People everyday see and hear things in their lives and on the news that are corrupt and evil, and simply want to find a fix. They want a better world. A hero is able to help fix our personal problems and problems on a grander scale. A hero is able to fix lives, represent hope, and more importantly a better tomorrow. A hero more importantly can represent us and in turn makes people want to make a difference and generate hope in their communities and their world. This aspect of common people being a hero has the greatest appeal to human kind.
The biggest difference found between antiquity and modern myths are the gods and their effect on the hero battles. Hero of antiquity are more known for being gods or either humans battling the gods. In most stories you find the gods interfering or helping a particular person/hero. This idea of the gods having an impact on who we are and our course of action is missing from modern heroes. For example in Batman, there is no god effecting Bruce’s emotions and actions. Although both heroes will experience the same elements of the monomyth a modern hero will make his own decisions based on his feelings, not due to a god forcing a decision on him.
Gods and this certain sense of divine is lacking in most modern myths. Modern myths in our films today provide a source of entertainment. Hundreds of years ago people retold their myths through story telling, their form of entertainment. In more modern times people seek new ways of bringing their heroes and stories to life, through films. A heroic story coming to life in a whole new way puts a different spin on the story and its impact on us. In current times of troubles, war, and corrupted people look to the movies and heroes to find hope and an escape from their troubles.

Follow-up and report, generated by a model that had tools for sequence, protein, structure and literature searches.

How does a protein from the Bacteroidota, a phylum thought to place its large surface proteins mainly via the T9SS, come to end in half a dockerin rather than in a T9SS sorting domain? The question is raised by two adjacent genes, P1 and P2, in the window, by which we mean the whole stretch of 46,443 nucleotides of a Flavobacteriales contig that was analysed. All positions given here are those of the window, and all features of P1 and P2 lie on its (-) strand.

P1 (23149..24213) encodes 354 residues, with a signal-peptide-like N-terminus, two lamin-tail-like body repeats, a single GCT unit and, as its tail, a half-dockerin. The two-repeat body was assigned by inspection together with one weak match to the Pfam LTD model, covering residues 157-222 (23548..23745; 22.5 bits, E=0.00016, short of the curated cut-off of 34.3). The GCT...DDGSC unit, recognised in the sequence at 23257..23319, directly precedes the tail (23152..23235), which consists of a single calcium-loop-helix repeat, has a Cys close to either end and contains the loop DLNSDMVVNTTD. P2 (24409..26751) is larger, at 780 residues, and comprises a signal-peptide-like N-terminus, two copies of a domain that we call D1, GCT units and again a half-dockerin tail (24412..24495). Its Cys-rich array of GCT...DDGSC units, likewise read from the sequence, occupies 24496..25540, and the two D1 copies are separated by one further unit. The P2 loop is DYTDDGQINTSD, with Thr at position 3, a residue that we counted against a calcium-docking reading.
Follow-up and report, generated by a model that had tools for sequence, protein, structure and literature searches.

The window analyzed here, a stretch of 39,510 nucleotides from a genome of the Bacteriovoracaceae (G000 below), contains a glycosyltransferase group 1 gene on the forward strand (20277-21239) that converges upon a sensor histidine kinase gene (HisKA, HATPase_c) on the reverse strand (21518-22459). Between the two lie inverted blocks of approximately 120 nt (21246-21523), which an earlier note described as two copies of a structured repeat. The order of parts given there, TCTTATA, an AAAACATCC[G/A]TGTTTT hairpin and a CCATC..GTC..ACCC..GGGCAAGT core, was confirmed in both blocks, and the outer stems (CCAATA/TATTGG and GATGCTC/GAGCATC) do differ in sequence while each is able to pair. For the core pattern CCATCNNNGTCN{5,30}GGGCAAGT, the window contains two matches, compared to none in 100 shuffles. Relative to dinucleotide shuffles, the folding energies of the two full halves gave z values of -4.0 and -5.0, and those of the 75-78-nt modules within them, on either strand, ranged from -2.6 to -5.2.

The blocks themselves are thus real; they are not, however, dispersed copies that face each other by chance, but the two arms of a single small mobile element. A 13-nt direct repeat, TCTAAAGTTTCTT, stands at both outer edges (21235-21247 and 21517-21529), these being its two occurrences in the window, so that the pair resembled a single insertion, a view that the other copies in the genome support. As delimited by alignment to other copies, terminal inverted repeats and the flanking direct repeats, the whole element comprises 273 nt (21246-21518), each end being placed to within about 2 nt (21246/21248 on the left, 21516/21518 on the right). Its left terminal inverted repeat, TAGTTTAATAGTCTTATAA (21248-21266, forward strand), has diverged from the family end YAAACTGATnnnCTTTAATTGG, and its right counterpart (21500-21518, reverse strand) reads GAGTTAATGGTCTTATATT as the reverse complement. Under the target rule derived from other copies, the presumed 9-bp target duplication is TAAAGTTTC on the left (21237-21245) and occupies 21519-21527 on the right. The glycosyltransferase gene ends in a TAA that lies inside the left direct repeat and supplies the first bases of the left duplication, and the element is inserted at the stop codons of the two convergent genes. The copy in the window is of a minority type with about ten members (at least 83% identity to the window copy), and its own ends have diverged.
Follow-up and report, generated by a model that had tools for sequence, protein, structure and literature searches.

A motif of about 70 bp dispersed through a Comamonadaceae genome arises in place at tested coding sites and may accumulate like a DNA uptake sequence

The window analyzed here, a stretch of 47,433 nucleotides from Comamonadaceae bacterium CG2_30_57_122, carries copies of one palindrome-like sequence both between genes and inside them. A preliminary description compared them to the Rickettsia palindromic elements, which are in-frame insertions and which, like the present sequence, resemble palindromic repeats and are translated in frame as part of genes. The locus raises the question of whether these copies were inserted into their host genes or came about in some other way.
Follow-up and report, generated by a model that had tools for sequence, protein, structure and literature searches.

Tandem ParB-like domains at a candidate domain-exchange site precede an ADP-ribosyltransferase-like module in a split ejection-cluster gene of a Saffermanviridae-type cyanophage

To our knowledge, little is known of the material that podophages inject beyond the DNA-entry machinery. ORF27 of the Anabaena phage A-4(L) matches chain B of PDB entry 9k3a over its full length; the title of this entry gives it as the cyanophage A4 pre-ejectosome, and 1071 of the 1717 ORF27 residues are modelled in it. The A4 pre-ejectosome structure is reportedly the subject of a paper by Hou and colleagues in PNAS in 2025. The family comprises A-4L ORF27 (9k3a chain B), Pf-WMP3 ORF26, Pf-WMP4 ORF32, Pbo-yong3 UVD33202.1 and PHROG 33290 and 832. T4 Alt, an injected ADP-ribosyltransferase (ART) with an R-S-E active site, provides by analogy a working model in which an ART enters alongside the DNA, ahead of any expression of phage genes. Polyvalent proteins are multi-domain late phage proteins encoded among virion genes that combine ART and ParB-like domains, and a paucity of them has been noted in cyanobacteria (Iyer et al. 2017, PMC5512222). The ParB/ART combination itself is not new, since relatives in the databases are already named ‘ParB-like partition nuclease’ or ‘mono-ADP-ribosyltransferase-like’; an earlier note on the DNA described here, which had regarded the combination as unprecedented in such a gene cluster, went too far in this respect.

Modern heroic myths are built into our society and culture in the United States. Comics, cartoons, and movies are depicting certain heroes and villains battling everyday. This sense of the hero battling evil not only grabs our attention and makes for great entertainment but fulfills the need to see good will overcome the bad. A hero can fight battles we necessarily cant. This idea has transformed into a multi-million dollar industry. Kids every year for Halloween dress like their favorite hero and stand for something bigger then all of us.
Many modern heroes in American culture can be linked to modern issues and problems such as war, crime, and simply personal issues. This creates even a deeper connection to the hero, his trials, and what he stands/fights for. Joseph Campbell’s monomyth pattern can be applied to any myth, modern or ancient. His steps show the patterns and certain aspects of a heroes’ life. The hero has played an important role in not only modern times, but in ancient times for pure entertainment or to explain certain aspects of our lives and world. The monomyth allows people to see the similarity in all heroic stories, and possibly in our own lives.
No matter ancient or modern, a hero will always allow everyone to become a better person, to overcome any obstacle or trial in our way. The heroic story pushes us to look at ourselves and our decisions. It makes us pose the question of who is a hero and who we look up to. Do your personal actions make you a hero? Works Cited Batman Begins. Dir. Christopher Nolan. 2005. Warner Bros. DVD. Carlyle, Thomas. “Quotes. ” Book Rags. GlamFamily, n. d. Web. 13 Mar. 2011. . Jones, Paul M. “Batman Begins. ” Paul M. Jones. Word Press, 21 June 2005. Web. 13 Mar. 2011. .